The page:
Stages of COPD

Understanding the stages of COPD is one of the first steps you can take in becoming more proactive in your healthcare. As your COPD progresses, continue working with your doctor to modify your treatment plan as needed. Take note of any changes you notice in your symptoms, what triggers your symptoms to worsen and how COPD affects your ability to do daily activities. See your doctor immediately if you feel unwell or have changes in your health.

The Stages of COPD:
Mild COPD or Stage 1—Mild COPD with a FEV1 about 80 percent or more of normal.
Moderate COPD or Stage 2—Moderate COPD with a FEV1 between 50 and 80 percent of normal.
Severe COPD or Stage 3—Severe emphysema with a FEV1 between 30 and 50 percent of normal.
Very Severe COPD or Stage 4—Very severe or End-Stage COPD with a lower FEV1 than Stage 3, or people with low blood oxygen levels and a Stage 3 FEV1.

RocketFACTS


Travel Facts - Grenada

  1. Grenada is a country in the Caribbean Sea, located among many other islands. To travel to Grenada, one doesn't have to bring along clothes for extreme temperatures because the weather here is tropical. One can travel light since it is hot and humid.
  2. Grenada's shorelines aren't crowded with tourists. If you're craving some peace and quiet, this is just the place for you to saunter along or hang out sipping cocktails. There are also some high-end hotels and properties in the area for a variety of options.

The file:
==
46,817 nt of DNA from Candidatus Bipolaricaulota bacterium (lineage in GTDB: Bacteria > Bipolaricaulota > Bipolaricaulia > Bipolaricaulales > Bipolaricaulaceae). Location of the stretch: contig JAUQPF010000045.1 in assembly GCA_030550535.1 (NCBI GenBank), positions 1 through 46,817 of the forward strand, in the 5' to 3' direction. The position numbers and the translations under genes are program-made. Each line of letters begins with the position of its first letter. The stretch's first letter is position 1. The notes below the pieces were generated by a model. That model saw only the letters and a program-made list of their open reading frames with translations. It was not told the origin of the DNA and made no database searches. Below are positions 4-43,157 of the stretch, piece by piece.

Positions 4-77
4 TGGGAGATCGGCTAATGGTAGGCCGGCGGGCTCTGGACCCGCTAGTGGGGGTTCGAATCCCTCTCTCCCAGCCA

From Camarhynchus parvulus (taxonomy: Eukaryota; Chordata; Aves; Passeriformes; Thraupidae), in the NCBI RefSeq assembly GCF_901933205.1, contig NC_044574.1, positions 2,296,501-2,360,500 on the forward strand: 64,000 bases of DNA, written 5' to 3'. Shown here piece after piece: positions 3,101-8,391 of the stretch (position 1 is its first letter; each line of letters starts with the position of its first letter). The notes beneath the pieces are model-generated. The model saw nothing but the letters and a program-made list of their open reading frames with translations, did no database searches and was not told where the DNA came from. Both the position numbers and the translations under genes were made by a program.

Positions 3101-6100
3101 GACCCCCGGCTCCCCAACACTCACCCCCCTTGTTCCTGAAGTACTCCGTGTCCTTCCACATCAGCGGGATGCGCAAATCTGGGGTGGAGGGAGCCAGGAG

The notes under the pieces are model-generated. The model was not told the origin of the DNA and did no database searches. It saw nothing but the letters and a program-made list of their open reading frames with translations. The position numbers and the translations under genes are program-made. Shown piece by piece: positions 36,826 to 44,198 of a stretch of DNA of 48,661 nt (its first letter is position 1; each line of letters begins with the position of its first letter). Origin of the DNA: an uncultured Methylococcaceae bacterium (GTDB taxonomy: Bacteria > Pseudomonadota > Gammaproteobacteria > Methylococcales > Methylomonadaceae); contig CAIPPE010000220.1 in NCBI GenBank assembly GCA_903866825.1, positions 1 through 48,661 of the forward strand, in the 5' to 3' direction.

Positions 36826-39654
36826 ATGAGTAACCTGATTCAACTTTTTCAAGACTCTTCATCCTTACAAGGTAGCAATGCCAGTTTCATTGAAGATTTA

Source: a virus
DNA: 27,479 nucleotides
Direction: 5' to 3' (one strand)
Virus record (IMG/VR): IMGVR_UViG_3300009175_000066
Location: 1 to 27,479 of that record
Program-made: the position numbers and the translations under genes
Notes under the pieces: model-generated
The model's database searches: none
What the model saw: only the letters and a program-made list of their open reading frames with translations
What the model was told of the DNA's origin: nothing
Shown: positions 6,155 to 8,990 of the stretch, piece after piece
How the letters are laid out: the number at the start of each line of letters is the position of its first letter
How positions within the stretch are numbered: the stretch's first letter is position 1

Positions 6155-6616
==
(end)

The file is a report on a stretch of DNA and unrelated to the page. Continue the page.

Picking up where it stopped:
3. Grenada is brilliant for hiking. Bring a cap, sunglasses, sneakers, and if you like your history as much as your booze, try heading to the River Antoine Rum Distillery and be amazed by the oldest continuously operating rum distillery in the entire Caribbean.
  4. Grenada is suitable for travel with kids and the elderly. Perhaps the best place for them to spend their time is at the country's secluded beaches. There are hotels in these areas. One of the best is Grand Anse Beach, with beautiful infinity pools and a breathtaking view.
  5. Grenada is like heaven on Earth and living there, or anywhere in the Caribbean, isn't cheap. Their currency is the Eastern Caribbean Dollar, but don't worry since most establishments accept major credit cards. You may also use your US dollars since the currency is widely accepted there.

DISCLAIMER: The views and opinions expressed in this article are those of the authors and do not necessarily reflect the official policy or position of the site owner or any brands and companies mentioned here. Any content provided by our bloggers or authors are of their opinion, and are not intended to malign any religion, ethnic group, club, organization, company, individual or anyone or anything. This article is purely for reference purposes and does not constitute professional advice and may not be reflective of the best choice for your unique situation. This site strives to provide as much accurate information as possible; however, sometimes products, prices, and other details are subject to change. Therefore, this site does not verify for the accuracy of the information presented in this article. This site does not assume any liability for any sort of damages arising from your use of this site and any third party content and services.